I have not very much to say about one company or the other, but I was greatly concerned about the employés 393 of the City of Dublin Steam Packet Co. When I heard of the possibility of that company losing the mail contract, I felt that something should be done in the interests of those men, who deserve so well of the country for all they did during the War. I made inquiries and I am glad to say I received a letter from Sir Thomas Williams, the General Manager of the London and North Western Railway Company, which is a credit to that company and a great source of satisfaction to the employés of the City of Dublin Company. I should like to read some extracts from that letter, as it will in future be some kind of record—Relative to the men who are now employed by the City of Dublin Steam Packet Company I would like to express the obligations of my directors to you for giving them the opportunity to state their intentions in case the Government accept their tender for the carriage of the mails between Holyhead and Kingstown. The question has already been raised by Mr. Havelock Wilson, M.P., and discussed with him by one of the chief officers of this company, who gave an undertaking that if this company's tender is accepted the London and North Western Company are prepared to take over at Holyhead, and even at Kingstown the men under sixty years of age, and to consider on merit those cases of men over sixty years of age. With regard to the latter it was pointed out that the number must be very small, and that the City of Dublin Steam Packet Company have their obligations, particularly in regard to men who have been in their service for many years. … I have much pleasure in giving you on behalf of my directors the same undertaking that was given to Mr. Havelock Wilson, and if there are any other points on which you would like further information I will be very pleased to discuss them with you at any time and place convenient to you.I have had the pleasure of discussing various points with Sir Thomas Williams, and I am perfectly satisfied that the London and North Western Railway Co. are going to do everything that one could expect the company to do with those men whom they are taking over. Therefore I have great pleasure in supporting the proposal.
§ Lieut.-Colonel MOORE - BRABAZON
This is not so simple a matter as might at first sight appear. In aviation I always think that we are falling into the mistake of presuming too much and giving too little, and that people will be discouraged with the whole subject unless we put the facts more fully before them. The whole question of air mails is a diffi- 394 cult one, because the aeroplane is not an efficient traveller at night, whereas the ordinary traffic across the sea goes on in the dark, and until we educate people to post their letters in the morning, which we shall never be able to do, then this evening service is as satisfactory a thing as one can get. In the London and Paris air service there is very little advantage. The needs of the community are met by the ordinary traffic. But, provided you do get a night service as well as a day service, there is no doubt that an air service can be useful in getting together letters from main sources and sending them on at once and avoiding a great deal of waste of time. The whole question of air mails is one which concerns the general policy of the Postmaster-General. Are you to look upon the carriage of mails as purely a business proposition, or can you use the money voted for the Post Office indirectly to benefit the nation in other ways? We have been told recently by the military authorities, the chief of the Air Staff especially, that an efficient air force must necessarily depend on efficient commercial aviation. Therefore it is to the national advantage to see that somehow commercial aviation in this country should flourish. At present nothing is being done to encourage it. Though there have been recommendations by advisory committees that there should be subsidies these have not materialised, and in the present state of our finances I do not think they ever will. So commercial aviation looks to the Post Office as one of the few helps that it is ever likely to get.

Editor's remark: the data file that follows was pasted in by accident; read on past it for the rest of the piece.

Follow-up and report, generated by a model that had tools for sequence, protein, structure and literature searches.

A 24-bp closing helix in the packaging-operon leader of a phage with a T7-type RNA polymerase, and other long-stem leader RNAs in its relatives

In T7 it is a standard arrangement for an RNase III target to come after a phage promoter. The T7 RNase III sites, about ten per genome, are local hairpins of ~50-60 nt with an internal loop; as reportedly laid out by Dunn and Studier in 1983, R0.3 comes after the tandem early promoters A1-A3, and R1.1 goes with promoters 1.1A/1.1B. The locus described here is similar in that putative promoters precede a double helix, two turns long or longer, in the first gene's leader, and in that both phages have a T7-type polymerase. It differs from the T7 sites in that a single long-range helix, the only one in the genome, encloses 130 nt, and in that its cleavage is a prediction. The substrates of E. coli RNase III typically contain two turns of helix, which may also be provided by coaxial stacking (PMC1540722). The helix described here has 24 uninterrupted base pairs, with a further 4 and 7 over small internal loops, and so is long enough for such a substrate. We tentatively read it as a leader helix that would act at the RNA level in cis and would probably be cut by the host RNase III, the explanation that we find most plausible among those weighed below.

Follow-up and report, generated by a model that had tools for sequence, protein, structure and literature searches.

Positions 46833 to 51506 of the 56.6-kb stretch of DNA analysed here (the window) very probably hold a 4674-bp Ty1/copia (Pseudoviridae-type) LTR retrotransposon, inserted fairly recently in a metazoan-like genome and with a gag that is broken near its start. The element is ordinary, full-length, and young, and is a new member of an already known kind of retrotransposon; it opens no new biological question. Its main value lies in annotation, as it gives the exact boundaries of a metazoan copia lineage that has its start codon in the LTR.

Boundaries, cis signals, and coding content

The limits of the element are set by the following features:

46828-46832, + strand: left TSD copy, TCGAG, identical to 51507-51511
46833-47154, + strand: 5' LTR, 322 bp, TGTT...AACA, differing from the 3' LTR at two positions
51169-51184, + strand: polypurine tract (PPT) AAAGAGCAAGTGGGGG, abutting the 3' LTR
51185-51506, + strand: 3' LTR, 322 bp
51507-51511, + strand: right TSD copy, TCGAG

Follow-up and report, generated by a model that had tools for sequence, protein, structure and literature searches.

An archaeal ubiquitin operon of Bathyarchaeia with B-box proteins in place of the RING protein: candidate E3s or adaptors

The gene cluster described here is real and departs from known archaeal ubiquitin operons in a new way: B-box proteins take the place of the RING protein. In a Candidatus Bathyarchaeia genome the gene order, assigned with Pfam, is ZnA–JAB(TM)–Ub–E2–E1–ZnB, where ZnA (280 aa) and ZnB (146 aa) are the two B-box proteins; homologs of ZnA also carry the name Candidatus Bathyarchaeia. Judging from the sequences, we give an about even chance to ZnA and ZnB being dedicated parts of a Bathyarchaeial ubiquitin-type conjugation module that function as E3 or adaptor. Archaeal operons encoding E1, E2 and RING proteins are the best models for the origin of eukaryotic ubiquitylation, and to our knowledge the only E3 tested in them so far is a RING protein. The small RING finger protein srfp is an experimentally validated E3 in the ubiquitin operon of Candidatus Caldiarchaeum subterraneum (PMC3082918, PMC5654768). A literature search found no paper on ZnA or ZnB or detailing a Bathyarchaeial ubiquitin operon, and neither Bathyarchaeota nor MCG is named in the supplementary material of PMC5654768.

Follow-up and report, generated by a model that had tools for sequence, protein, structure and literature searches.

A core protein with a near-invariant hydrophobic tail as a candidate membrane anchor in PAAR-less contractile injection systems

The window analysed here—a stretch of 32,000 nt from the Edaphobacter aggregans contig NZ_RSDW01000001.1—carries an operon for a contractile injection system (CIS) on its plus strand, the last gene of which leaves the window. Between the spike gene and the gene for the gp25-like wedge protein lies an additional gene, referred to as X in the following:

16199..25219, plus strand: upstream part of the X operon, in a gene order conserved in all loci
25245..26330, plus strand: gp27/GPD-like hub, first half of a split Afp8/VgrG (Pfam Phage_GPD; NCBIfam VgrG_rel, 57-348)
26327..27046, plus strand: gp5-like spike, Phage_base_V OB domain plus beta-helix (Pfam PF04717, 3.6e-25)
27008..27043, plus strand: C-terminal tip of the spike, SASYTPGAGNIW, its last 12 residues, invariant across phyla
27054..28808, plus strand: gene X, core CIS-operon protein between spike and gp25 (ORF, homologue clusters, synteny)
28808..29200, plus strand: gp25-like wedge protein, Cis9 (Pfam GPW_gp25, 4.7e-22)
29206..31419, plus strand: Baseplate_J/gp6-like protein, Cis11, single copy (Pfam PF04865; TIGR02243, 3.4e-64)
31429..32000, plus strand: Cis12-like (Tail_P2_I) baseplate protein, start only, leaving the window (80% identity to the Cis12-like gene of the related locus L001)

With regard to Ireland, I do think that a special appeal ought to be made to the Postmaster-General to do his best to try a service as soon as possible, because the difficulties between the two countries, which are largely centred on ethnological and other causes, owe a great part of their existence to the Irish Sea. If we could do away with that there would be no Irish problem. The better we know each other the less likely we are to quarrel. By increasing the speed of communications we draw the two countries nearer together.
I notice in this contract that Clause 7 allows the Postmaster-General practically to do what he likes with regard to breaking or changing the mode of transport. It is a most extraordinary Clause and seems to me to redound to the credit 395 of the Postmaster-General. I think we ought to have a word from the Postmaster-General that, if possible, he will divert some of the mails along the new route.
§ Sir R. THOMAS